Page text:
“As soon as it became clear to us that that guidance had led us astray, I halted the voting process,” Meaney said. “That voting then became null and void, and we will be holding an officer election at the next publicly noticed meeting of the council.”

Crim said she is aware of the uncertainty raised by some GOP lawmakers, but she also is focusing on her role, rather than on political infighting.

“I accepted this position to lead the agency and support the administration’s efforts to serve and advance the people of Wisconsin,” Crim said. “That is what I am doing and will continue to do every day.”

Senate Republicans earlier this year raised concerns over Evers’ appointment of Crim, who was charged in 2005 with felony child abuse for jabbing her 5-year-old son’s hand with a pen, causing it to bleed. The case resulted in a deferred prosecution.

Thompson has received mixed opinions from GOP senators, with some criticizing his previous role as a lobbyist for the Transportation Development Association, while Sen. Jerry Petrowski, R-Marathon, described Thompson as “a class act.”

A Wisconsin DOT spokeswoman directed any questions regarding the secretary’s appointment to Evers’ office.

In an August statement, Jacque, who voted against Palm’s appointment as a member of the Senate Health and Human Services Committee, criticized the secretary for her support of Planned Parenthood.

“Ms. Palm has demonstrated a willingness to put politics before the health of our state and create conflicts of interest within her department that are disqualifying,” he said in the statement.

Palm’s office did not respond to requests for comment.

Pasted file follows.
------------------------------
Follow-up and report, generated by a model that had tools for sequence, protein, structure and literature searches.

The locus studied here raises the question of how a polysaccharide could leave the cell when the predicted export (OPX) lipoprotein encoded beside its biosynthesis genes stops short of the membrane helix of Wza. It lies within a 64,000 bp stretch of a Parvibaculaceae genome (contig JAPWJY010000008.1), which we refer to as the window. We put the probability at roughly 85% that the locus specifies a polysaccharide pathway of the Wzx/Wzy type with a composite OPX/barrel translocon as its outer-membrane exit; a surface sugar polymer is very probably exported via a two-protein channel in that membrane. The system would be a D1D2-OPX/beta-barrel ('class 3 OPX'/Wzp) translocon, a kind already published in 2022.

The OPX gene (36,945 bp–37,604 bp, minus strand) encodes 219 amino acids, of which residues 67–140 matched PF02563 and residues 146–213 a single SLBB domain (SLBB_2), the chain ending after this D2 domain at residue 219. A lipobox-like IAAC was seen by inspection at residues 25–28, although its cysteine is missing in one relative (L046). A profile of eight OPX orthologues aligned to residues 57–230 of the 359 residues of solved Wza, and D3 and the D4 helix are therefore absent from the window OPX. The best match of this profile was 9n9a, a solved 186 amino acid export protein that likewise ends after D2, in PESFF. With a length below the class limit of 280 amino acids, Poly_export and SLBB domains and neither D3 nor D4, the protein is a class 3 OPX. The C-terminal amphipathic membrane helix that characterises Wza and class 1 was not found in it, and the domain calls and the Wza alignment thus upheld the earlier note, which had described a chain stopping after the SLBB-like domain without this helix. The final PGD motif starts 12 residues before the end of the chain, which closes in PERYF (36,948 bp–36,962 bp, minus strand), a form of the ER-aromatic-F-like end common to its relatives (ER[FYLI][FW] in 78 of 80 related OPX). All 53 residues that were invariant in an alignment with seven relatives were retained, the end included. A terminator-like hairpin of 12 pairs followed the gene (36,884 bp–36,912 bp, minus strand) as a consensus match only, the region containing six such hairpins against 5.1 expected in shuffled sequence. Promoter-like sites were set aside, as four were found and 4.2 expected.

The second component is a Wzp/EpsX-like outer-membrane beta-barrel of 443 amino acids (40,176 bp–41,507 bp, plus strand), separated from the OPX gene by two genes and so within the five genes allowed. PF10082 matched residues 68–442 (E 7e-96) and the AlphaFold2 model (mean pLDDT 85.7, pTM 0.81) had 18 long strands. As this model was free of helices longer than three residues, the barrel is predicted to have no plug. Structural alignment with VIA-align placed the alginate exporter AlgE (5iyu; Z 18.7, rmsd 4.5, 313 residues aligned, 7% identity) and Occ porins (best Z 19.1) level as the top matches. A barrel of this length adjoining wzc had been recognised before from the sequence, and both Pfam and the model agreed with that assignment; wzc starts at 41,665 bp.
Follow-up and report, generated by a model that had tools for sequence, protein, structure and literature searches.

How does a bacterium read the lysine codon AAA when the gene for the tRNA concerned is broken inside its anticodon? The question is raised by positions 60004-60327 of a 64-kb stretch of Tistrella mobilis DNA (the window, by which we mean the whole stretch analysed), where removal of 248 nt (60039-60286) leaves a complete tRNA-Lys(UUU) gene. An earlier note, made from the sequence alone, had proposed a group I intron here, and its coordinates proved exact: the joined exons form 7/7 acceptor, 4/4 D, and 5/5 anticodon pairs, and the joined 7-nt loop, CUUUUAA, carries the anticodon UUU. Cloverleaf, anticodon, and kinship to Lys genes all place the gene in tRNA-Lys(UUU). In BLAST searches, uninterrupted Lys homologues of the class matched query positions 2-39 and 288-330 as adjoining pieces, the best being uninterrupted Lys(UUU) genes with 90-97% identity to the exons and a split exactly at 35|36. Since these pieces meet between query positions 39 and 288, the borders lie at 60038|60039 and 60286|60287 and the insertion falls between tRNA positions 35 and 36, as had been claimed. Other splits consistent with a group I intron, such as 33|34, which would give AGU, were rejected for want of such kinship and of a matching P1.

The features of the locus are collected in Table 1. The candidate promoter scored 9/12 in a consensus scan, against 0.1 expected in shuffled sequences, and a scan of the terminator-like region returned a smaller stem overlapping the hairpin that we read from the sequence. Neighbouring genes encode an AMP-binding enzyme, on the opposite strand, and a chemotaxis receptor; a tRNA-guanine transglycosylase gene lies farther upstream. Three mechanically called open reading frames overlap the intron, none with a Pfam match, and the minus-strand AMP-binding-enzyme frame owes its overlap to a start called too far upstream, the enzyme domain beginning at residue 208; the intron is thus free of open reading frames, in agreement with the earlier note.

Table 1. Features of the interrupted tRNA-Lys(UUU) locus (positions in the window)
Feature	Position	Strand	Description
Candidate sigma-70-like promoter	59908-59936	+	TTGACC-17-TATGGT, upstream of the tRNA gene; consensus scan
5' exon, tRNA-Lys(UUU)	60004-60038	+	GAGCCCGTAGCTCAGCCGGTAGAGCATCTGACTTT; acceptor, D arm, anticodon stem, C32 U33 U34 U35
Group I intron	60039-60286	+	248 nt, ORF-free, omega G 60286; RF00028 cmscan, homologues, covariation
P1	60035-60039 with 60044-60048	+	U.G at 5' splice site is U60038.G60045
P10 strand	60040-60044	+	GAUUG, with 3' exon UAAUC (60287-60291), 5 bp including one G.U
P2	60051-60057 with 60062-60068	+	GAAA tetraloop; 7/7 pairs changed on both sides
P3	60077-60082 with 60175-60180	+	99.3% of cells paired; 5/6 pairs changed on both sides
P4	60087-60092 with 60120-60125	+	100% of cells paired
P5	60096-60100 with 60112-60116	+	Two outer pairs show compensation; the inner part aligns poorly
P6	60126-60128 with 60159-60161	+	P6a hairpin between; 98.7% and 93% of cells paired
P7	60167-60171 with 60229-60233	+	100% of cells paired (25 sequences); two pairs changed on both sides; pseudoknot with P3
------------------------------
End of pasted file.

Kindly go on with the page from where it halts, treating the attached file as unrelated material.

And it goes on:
Growing tension

Baldauff said only seven of the governor’s appointees have been fully confirmed. Another nine are awaiting approval and the hope is they are confirmed before the end of the Senate session in April, she added.

“We want to make sure there is stability and there is certainty for the people of Wisconsin because they don’t want to see folks fighting, they want to see folks getting things done,” Baldauff said. “What we are focused on is getting the rest of our folks confirmed.”

Under state rule, cabinet secretaries are appointed by the governor, but the Senate provides final approval.

Wisconsin’s constitution doesn’t define when a Senate vote must occur, so the chamber can vote at any time on a secretary or other appointee who requires Senate approval. An appointed cabinet member could serve throughout a governor’s term without Senate approval.

Days before the Senate voted to fire him, Pfaff announced the Department of Agriculture, Trade and Consumer Protection board had suspended a vote on controversial farm siting regulations. Evers later said the suspended vote was an effort to appease Republican senators.

Evers expressed his frustration in the aftermath of Pfaff’s firing, using profanities on a few occasions, which only added fuel to the fire between the governor and Republican lawmakers.

This week, a legislative liaison for Evers’ office emailed Sen. Steve Nass, R-Whitewater, to ask whether the appointment of Michael Gillick as commissioner on the Labor and Industry Review Commission would be taken up in the Senate Labor and Regulatory Reform Committee’s two December meetings.

Nass replied that “as one of the individuals in the State Senate that Governor Evers considers to be a ‘bastard, amoral, stupid and a political assassin,’ my response is a respectful not a chance.”